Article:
I'm getting tired of seeing this line repeated around town these days. Many people will remember that we had and still have, a functioning message forum system for the same tens of thousands of people who read slashdot. It's called usenet. If slashdot and sites like it go into the toilet, rest assured that usenet, moderated usenet & listserv's will be waiting for us. In fact, maybe someone will come up with a way to structure a newsgroup like slashdot.
  • Click on an ad - that's been the only method of communication.
    ....
    But I'd much prefer being able to do more then click or not - being able to request more info


    There are interactive ads that do essentially what you suggest (the mega ads on CNET and some IBM ads).
  • When I'm making a large purchase, of course I research it before buying it. But, if I see an ad for a t-shirt from ThinkGeek or something that looks appealing, I may very well just buy it without researching it. Are there other places that sell t-shirts? Of course. But, for some things it's a matter of convinience.

    -
  • It's exactly like that one comment [slashdot.org] said in the "bigger banner ads" thread yesterday (hey, what do you know, it was Shoeboy). He said that slashdot was posting it in order to soften us up for changes to the Slashdot revenue system. Looks like he was right

    Not so (Score:5, Funny) now eh?

    Rich

  • Absolutely, and if you offer tangible benefits to having karma, it worsens things by far. Offering an option to turn off all banners for x points of karma - good idea; I'm sure that nobody will be a whore (fill out a few forms perhaps?) in order to reach that.

    It *might* work better if you don't let people know how much karma they've got. That way, they can't boast about it even to themselves and they don't know how far they have to go to reach the next "goal", although if this was implemented I imagine we'd get a slashdot story one day: "OSDN Ad Banner Scoring System Found! (from the some-people-have-too-much-time dept.)"

    oojah
  • by Wanker (17907) on Wednesday February 28, 2001 @08:15AM (#396074)

    This would work best in conjunction with a link to show detailed ad information, in particular the "classifications" the ad company has supplied to reach their target market. (i.e. "perl", "hard drives", "CPUs", "php", "developers wanted", "snack foods", etc.)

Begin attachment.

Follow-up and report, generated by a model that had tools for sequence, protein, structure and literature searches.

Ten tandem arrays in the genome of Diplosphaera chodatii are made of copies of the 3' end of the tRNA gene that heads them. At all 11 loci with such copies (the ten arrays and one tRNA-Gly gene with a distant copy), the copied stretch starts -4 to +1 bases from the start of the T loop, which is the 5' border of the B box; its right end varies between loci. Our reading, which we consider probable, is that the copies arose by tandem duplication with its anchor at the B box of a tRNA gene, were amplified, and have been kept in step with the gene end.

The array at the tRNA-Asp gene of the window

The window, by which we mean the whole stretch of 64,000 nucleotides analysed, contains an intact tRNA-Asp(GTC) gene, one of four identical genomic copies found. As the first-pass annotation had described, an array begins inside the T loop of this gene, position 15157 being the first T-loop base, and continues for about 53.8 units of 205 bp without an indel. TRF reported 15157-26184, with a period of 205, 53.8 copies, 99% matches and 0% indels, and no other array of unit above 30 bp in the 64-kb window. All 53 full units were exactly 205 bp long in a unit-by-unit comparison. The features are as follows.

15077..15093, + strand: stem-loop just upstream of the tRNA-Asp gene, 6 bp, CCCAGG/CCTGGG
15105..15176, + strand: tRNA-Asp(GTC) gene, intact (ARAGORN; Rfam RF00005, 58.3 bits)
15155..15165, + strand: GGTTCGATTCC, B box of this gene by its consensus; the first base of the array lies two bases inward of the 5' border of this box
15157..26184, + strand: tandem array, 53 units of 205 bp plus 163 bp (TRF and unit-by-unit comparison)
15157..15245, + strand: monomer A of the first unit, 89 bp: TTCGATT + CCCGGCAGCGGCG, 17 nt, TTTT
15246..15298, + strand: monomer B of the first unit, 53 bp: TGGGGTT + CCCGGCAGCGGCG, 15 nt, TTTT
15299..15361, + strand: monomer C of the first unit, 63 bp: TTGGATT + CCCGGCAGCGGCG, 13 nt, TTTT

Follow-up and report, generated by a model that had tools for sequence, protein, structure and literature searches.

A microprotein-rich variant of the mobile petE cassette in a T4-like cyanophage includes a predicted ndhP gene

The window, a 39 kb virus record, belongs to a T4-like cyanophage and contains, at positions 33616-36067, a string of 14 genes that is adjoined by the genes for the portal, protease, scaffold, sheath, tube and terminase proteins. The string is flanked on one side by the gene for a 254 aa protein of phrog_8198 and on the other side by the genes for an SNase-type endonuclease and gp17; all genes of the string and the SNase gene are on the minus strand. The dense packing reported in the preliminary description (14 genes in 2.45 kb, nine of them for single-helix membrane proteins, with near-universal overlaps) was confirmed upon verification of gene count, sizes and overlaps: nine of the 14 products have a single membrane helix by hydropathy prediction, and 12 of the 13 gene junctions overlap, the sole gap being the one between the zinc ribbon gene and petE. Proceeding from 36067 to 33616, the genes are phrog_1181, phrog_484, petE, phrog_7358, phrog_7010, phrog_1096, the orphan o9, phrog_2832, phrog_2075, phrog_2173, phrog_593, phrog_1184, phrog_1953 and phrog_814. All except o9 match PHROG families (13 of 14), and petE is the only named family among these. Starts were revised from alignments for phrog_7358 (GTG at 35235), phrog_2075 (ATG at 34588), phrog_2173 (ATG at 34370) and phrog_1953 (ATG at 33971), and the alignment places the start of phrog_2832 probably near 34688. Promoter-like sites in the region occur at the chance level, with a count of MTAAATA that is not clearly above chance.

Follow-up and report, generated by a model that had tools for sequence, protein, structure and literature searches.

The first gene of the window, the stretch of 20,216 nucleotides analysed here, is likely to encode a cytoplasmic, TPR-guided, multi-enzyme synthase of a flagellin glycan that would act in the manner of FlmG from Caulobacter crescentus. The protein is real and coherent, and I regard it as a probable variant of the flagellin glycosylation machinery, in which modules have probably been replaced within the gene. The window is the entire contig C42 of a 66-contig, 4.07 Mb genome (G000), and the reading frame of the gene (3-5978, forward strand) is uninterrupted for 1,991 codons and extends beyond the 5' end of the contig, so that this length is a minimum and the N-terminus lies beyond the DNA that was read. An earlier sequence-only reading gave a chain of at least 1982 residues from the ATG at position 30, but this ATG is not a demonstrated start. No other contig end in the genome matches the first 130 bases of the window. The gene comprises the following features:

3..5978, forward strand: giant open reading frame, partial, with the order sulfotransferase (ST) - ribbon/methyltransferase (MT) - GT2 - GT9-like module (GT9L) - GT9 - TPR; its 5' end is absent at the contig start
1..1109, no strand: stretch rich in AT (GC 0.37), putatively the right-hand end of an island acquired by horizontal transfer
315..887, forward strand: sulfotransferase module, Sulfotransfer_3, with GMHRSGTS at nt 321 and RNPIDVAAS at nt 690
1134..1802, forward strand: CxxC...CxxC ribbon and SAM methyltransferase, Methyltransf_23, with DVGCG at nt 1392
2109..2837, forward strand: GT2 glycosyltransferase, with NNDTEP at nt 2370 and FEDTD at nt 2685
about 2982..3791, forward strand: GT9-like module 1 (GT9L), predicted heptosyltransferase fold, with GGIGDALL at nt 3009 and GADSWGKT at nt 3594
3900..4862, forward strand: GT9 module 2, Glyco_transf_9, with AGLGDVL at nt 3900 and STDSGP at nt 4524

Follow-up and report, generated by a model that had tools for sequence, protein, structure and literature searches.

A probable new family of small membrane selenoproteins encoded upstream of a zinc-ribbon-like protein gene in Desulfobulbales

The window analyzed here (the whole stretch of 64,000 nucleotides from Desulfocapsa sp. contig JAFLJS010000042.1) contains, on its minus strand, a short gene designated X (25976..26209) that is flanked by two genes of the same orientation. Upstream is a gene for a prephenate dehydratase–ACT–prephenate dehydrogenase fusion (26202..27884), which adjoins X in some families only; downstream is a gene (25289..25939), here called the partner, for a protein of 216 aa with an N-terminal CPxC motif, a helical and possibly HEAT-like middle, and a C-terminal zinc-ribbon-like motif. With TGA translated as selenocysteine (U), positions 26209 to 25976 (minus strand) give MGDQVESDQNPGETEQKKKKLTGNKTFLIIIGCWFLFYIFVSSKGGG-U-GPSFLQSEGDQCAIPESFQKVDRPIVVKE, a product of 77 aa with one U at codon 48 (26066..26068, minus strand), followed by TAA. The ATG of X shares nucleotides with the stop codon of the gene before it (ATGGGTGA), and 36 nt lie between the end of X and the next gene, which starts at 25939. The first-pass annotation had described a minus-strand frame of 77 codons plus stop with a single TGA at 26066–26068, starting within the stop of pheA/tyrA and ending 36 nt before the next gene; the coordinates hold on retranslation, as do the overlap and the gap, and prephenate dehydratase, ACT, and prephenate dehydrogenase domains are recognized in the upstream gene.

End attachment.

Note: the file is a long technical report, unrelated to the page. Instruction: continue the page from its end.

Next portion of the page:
Classifications are usually created not by technicians, but by some marketing drone who probably has a hard time spelling CPU. A discussion forum and the ability to moderate up well-classified, interesting ads would help good ads get a better clickthru.

    The big problem with moderation like this is that each company pays for a certain number of impressions. If their ad sucks, and gets moderated down, the OSDN may not be able to meet their stated number of impressions before the end of the ad campaign.

    There needs to be some way to provide positive motivation for companies to put up "good" ads. Rather than fiddling with the ad frequencies, perhaps OSDN could just create a "showcase" page which shows the ads in order of their moderation totals. "Good" ads could be recognized and "bad" ads would also be recognized. ;-) Another thought might be to give the highest-rated ads additional run time for no charge. Perhaps the best ads could go on the front page and all the others would only be shown deeper in?

  • by Valdrax (32670) on Wednesday February 28, 2001 @07:25AM (#396075)
    Well, if you're willing to try out Mozilla, they've added hidden preferences in release 0.8 that will let you turn that off. They say that there will be a UI for it soon. The description can be found here [mozilla.org].

    Trust me. It works great. I've been using Mozilla as my regular browser since 0.7 came out, and it's come a long way since the M## builds.
  • by wiredog (43288) on Wednesday February 28, 2001 @04:12AM (#396076) Journal
    #define troll

    I saw it over on Kuro5hin already! ;) And, after all, cross posting is spam.

    #endif
  • by gotan (60103) on Wednesday February 28, 2001 @08:40AM (#396077) Homepage